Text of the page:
Top
 Profile Send private message  
Reply with quote  
 Post subject:
PostPosted: Sat Mar 31, 2012 10:37 am 
Offline

Joined: Wed Jun 24, 2009 8:47 am
Posts: 25
Location: Canfield, OH
This is no small issue. Wearing the sock hood and face shield holds in a lot of heat and tends to fog up the face shield as you are reading trip settings. I have to stick my face so close to the trip units this way I am at much more shock risk. I stopped wearing the sock hood even though the table has non-contact inspection as HRC 2 on 600V class switchgear.

Whenever you scroll through the settings on AC Pro or Ge MicroVersa Trip the cubicle door is open and I would argue that you are interacting with the equipment. Same thing for changing the battery on these units.

I also agree that the code does a good job of talking out of both sides of their mouth in 2012.


Top
 Profile Send private message  
Reply with quote  
 Post subject:
PostPosted: Sun Apr 01, 2012 4:17 am 
Offline
Plasma Level
User avatar

Joined: Tue Oct 26, 2010 9:08 am
Posts: 1877
Location: North Carolina
Whenever you scroll through the settings on AC Pro or Ge MicroVersa Trip the cubicle door is open and I would argue that you are interacting with the equipment. Same thing for changing the battery on these units.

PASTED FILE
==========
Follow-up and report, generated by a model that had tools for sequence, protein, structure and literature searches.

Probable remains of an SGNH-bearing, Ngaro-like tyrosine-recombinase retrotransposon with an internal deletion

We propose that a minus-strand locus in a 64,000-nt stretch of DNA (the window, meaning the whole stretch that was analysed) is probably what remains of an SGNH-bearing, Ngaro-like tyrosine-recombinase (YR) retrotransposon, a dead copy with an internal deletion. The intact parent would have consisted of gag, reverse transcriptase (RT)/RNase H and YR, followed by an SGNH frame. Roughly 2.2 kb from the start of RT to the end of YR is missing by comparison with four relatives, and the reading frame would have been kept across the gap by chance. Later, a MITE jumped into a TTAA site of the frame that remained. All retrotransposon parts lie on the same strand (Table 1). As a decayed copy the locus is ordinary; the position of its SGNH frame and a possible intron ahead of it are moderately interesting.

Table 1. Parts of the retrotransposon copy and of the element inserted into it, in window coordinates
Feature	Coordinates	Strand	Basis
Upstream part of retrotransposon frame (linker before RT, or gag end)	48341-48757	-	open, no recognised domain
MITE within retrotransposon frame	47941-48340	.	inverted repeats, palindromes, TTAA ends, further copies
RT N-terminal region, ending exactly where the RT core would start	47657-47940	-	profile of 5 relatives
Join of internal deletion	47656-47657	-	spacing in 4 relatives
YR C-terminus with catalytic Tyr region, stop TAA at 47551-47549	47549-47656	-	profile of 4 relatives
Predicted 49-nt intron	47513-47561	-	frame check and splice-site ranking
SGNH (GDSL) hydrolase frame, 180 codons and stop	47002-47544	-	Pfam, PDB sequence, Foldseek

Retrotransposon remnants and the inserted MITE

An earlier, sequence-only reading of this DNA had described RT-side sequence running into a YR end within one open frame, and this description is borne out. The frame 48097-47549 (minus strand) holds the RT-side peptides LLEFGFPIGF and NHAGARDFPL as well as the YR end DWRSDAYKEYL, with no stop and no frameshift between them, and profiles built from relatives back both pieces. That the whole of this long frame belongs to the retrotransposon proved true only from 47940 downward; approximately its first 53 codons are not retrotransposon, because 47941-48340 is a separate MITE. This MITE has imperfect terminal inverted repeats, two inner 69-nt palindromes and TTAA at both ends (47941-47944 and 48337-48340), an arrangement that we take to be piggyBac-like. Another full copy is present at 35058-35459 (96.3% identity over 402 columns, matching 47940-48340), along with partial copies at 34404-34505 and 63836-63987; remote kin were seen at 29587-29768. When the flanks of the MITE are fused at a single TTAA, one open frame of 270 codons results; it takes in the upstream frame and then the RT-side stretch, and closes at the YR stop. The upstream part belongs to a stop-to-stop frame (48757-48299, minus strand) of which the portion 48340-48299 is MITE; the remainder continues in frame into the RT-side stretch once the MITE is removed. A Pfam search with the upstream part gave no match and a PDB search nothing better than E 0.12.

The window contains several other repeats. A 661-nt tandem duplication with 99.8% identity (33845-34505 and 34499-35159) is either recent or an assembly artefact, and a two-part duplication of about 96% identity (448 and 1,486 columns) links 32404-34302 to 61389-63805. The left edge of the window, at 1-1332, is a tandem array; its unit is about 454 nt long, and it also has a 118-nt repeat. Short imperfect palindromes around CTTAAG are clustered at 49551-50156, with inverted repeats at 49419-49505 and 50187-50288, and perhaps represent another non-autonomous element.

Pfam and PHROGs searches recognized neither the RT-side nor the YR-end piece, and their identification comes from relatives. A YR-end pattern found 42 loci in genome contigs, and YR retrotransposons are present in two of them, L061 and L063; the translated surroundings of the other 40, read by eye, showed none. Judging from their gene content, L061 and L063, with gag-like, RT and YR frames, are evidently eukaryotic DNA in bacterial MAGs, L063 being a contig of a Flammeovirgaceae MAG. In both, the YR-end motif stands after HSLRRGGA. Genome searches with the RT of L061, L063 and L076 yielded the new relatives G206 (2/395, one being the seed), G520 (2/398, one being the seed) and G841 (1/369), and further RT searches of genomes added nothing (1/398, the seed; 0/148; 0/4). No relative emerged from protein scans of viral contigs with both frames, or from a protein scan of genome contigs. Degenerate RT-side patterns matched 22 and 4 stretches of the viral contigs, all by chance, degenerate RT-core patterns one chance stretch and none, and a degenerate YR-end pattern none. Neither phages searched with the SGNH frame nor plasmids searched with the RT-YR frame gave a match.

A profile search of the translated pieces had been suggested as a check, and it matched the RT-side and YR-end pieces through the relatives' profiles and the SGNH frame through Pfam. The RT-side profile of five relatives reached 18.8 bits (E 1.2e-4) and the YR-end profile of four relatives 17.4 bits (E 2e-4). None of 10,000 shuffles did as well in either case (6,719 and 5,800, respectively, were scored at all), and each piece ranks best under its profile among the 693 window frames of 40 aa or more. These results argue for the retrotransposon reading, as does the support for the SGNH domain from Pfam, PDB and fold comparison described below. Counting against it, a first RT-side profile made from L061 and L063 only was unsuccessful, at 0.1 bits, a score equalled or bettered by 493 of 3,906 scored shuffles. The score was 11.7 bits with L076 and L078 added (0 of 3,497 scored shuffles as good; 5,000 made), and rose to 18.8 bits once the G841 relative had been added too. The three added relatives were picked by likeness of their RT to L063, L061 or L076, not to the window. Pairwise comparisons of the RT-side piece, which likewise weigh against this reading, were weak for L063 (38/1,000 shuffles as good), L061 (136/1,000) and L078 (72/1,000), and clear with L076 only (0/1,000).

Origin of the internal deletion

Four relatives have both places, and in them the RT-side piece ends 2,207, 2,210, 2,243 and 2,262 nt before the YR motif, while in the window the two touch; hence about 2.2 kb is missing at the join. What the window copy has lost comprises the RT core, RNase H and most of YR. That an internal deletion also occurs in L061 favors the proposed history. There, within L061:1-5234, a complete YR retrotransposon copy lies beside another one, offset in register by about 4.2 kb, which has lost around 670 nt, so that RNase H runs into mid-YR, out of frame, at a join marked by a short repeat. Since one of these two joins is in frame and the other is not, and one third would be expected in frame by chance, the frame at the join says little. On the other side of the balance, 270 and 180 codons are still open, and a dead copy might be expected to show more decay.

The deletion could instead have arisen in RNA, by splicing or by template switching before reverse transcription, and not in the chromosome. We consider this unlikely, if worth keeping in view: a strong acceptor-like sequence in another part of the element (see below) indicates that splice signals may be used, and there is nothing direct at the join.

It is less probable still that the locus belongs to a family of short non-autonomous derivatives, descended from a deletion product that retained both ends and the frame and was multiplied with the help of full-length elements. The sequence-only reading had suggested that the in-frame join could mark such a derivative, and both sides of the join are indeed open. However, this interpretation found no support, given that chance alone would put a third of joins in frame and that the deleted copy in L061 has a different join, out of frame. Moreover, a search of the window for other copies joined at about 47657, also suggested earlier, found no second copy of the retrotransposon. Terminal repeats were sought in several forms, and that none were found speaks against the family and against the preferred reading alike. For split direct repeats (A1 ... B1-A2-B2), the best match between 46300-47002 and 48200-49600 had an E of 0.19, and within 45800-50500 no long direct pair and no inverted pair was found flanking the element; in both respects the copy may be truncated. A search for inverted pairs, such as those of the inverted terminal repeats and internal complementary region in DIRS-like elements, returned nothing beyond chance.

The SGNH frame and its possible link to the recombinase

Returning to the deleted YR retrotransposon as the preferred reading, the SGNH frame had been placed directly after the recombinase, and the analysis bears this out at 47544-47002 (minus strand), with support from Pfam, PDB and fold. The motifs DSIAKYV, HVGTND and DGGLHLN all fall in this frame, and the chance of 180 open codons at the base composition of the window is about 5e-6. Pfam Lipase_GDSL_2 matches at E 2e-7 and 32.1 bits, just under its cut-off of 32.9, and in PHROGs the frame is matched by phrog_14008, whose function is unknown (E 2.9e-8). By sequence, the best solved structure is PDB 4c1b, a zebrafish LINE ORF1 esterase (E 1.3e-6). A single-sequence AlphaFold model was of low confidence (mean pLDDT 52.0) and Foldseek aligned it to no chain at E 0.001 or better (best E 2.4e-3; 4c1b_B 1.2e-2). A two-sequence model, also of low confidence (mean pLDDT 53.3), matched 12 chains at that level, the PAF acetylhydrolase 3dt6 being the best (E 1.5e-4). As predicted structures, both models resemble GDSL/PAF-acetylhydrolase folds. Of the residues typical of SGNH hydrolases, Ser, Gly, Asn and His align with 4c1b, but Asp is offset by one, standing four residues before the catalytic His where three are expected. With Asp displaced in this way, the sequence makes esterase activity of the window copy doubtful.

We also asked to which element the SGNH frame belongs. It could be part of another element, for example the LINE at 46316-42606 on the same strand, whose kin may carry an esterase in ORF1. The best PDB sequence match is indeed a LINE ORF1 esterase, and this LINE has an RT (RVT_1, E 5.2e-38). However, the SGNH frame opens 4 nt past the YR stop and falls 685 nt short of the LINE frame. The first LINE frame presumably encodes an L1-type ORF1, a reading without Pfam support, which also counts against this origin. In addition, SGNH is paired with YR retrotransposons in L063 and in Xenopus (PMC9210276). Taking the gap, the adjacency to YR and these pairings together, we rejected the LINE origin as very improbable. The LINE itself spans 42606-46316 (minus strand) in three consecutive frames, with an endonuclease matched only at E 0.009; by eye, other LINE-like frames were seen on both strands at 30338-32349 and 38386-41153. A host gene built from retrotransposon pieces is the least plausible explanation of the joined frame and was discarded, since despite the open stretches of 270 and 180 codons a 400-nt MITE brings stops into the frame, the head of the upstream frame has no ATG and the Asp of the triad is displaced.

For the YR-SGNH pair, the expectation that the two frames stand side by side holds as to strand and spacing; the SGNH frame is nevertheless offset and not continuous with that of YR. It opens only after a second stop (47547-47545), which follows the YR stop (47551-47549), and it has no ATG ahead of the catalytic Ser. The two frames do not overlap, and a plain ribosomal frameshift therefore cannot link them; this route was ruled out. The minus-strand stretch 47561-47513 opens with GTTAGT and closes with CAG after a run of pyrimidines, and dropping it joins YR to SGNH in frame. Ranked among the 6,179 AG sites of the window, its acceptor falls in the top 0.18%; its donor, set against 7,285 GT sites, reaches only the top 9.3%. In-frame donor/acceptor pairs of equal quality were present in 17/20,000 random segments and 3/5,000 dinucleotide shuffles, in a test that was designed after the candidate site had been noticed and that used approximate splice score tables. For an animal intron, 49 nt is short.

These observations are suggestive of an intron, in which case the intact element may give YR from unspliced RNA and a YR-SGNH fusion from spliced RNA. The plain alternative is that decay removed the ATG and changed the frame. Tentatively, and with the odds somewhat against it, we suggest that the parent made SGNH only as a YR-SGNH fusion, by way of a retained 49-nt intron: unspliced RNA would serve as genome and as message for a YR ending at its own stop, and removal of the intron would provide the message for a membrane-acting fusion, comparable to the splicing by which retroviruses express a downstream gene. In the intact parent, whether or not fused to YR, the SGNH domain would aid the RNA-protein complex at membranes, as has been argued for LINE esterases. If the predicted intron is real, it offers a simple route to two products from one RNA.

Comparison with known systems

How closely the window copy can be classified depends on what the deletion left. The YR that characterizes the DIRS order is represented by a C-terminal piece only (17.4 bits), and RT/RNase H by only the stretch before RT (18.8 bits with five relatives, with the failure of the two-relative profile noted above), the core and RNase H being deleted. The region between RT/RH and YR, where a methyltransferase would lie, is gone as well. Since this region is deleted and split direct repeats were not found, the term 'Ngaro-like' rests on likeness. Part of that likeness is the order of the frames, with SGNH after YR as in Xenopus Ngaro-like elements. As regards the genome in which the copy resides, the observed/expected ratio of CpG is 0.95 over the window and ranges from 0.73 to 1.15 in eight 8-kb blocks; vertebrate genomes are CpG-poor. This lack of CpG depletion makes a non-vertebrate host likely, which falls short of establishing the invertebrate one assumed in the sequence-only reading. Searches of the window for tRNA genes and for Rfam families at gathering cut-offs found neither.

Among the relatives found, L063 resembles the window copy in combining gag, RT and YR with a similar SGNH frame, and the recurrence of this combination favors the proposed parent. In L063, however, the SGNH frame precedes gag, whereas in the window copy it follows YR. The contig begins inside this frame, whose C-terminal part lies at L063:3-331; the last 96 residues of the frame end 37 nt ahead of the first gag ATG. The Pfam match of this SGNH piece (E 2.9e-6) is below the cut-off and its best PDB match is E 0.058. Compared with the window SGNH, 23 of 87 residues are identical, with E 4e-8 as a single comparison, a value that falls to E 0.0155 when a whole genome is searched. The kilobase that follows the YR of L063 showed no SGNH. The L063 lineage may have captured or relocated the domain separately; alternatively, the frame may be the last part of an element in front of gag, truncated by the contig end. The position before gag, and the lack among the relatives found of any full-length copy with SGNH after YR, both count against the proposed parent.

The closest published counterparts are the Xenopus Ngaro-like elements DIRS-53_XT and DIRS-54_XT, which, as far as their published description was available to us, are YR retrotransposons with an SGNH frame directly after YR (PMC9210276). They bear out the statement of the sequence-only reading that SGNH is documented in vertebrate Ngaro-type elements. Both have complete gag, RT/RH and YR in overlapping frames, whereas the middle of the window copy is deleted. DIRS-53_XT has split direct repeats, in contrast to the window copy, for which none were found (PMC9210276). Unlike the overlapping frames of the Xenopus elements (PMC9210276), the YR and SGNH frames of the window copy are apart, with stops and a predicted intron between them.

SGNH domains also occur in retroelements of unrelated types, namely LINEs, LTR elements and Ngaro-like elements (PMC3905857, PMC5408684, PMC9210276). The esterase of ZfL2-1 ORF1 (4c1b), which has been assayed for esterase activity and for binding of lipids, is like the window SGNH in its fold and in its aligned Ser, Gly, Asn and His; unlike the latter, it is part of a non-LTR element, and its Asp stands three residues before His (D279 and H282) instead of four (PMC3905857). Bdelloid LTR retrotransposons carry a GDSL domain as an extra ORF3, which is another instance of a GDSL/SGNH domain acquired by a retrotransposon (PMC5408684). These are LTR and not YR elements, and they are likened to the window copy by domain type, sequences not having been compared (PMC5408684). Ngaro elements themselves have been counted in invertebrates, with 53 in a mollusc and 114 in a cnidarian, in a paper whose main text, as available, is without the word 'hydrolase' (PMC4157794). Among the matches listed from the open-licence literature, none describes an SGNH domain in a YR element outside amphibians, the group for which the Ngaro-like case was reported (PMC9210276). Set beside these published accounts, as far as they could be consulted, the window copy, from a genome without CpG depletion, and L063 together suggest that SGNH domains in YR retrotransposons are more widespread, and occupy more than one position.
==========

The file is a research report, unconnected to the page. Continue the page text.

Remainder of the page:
OK, I'll concede the idea that an arc flash can happen. I'll even concede the idea that you can get struck by lightning in a cloudless sky, or that you can get wiped out by a meteor shower or a drunk driver.

Now, what is the likelihood of the scenario that you are describing happening? Is it greater than the risk while reading a meter while operating a meter stick? Is it greater than the risk of simply walking by while the equipment is in operation? Is it greater than the risk of an arc flash while operating the CB or fused switch with the doors closed and latched?

The risk assessment methodology in the annex is one of the most important sections in the whole document. It's too bad that nobody pays it any attention or respect. Thus the reason that it is useless in it's current form.


Top
 Profile Send private message  
Reply with quote  
 Post subject:
PostPosted: Sun Apr 01, 2012 7:55 am 
Offline

Joined: Wed Jun 24, 2009 8:47 am
Posts: 25
Location: Canfield, OH
Scrolling through the digital parameters makes me a little uneasy since I have had breakers trip will changing parameters (even when increasing a setpoint). The feeling when that happens is somewhat less than fun. Interacting with the digital trip units in any way is riskier than just reading the dials on other styles. There are also units where you have to remove a jumper to see the settings -delicate surgery in gloves depending on the breaker frame.

Since the annex is informative only it does get less respect. The code seems to prove the axiom that a camel is a horse designed by a committee.


Top
 Profile Send private message  
Reply with quote  
 Post subject:
PostPosted: Mon Apr 02, 2012 6:25 am 
Offline
Arc Level

Joined: Mon Jan 18, 2010 11:35 am
Posts: 445
Location: Wisconsin
FEC2 wrote: